Are My HDL Cholesterol Levels Too High?
High-density lipoprotein (HDL) cholesterol is often referred to as “good” cholesterol because it helps remove other harmful forms of cholesterol from the blood. It is generally believed that the higher the HDL level, the better. For most people, this is true. However, some studies have shown that for some people, high HDL levels may actually be harmful.
What is HDL?
When you think of cholesterol, you may think of “bad cholesterol” or “high cholesterol”. However, your body needs other types of “good” cholesterol as well.
High-density lipoprotein (HDL) is the good type of cholesterol and the one you want. Low-density lipoprotein (LDL) is the bad type of cholesterol and the one you want to lower. HDL, LDL and triglycerides – a type of fat carried by the blood – make up your total cholesterol level.
HDL is like a vacuum cleaner that sucks the cholesterol out of your body. When it reaches a healthy level in your blood, it removes excess cholesterol and plaque from your arteries and sends it to your liver. The liver then expels it from the body. Ultimately, this reduces your risk of heart disease, heart attacks and strokes.
Read on to learn more about HD and what foods you can eat to increase your HDL/total cholesterol ratio.
Recommended HDL ranges
Doctors generally recommend that you have an HDL level in your blood of at least 60 milligrams per deciliter (mg/dL) The normal value for HDL is between 40 and 59 mg/dL, but it can be higher If your HDL is below 40 mg/dL, you are at higher risk for heart disease.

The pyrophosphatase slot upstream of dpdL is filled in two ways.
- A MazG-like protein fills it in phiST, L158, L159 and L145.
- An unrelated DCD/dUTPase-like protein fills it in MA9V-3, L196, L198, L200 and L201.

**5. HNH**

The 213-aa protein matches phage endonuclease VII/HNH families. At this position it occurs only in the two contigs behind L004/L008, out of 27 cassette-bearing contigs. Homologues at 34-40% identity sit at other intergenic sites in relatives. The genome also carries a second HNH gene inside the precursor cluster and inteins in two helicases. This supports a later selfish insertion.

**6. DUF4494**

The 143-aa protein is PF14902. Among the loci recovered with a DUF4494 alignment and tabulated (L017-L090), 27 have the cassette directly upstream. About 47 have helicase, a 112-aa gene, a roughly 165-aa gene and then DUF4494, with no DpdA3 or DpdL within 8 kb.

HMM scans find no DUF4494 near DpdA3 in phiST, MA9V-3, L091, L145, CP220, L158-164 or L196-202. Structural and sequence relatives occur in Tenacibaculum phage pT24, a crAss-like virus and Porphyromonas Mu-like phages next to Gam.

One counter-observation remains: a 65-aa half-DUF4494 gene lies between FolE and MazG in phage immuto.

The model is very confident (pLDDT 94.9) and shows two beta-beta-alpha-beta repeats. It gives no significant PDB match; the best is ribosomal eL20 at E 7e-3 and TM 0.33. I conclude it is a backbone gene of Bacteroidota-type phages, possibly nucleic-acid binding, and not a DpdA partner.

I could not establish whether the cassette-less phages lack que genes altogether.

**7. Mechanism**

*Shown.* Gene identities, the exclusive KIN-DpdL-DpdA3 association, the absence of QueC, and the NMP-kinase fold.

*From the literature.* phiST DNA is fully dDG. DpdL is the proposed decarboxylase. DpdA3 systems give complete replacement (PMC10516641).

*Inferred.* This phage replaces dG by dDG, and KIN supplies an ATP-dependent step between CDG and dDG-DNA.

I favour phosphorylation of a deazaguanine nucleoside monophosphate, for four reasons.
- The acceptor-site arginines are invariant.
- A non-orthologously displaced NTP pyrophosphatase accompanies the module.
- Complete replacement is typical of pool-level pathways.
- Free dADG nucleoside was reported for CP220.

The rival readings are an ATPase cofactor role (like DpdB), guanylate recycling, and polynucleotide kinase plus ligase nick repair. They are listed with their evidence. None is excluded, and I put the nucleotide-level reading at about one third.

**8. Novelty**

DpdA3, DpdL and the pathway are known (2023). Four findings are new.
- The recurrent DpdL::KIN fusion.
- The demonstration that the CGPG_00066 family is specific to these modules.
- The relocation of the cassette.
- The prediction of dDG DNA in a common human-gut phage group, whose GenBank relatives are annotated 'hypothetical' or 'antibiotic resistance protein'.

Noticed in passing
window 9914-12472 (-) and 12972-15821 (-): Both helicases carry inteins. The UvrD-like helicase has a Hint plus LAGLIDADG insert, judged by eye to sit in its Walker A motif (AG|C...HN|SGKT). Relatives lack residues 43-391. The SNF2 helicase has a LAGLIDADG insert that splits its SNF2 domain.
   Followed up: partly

Problems associated with high HDL cholesterol levels
A study published in Atherosclerosis, Thrombosis, and Vascular Biology showed that people with high levels of C-reactive protein after a heart attack can be affected by high HDL C-reactive protein is a negative produced by the liver in cases of high inflammation in the body. These people’s high HDL levels may actually increase their risk of heart disease, rather than protecting their heart health.
The levels were still within the normal range, but the body may process HDL differently when it has this inflammation. The study looked at the blood of 767 people without diabetes who had a recent heart attack. The researchers used the data to predict outcomes for the study participants, and they found that those with higher levels of HDL and C-reactive protein were a particularly high-risk group for heart disease.
Ultimately, more research is needed to determine the risk of high HDL in this particular group.
Other diseases and drug treatments associated with high HDL levels
High HDL is also associated with other diseases, such as
- Thyroid disorders
- inflammatory diseases
- Alcohol consumption
Cholesterol control medications can also raise HDL levels. These medications are often used to lower LDL, triglyceride and total cholesterol levels.
- Bile salts
- Cholesterol absorption inhibitors
- Omega-3 fatty acid supplements that raise HDL cholesterol while lowering triglycerides in the blood.
- Statins prevent the liver from making more cholesterol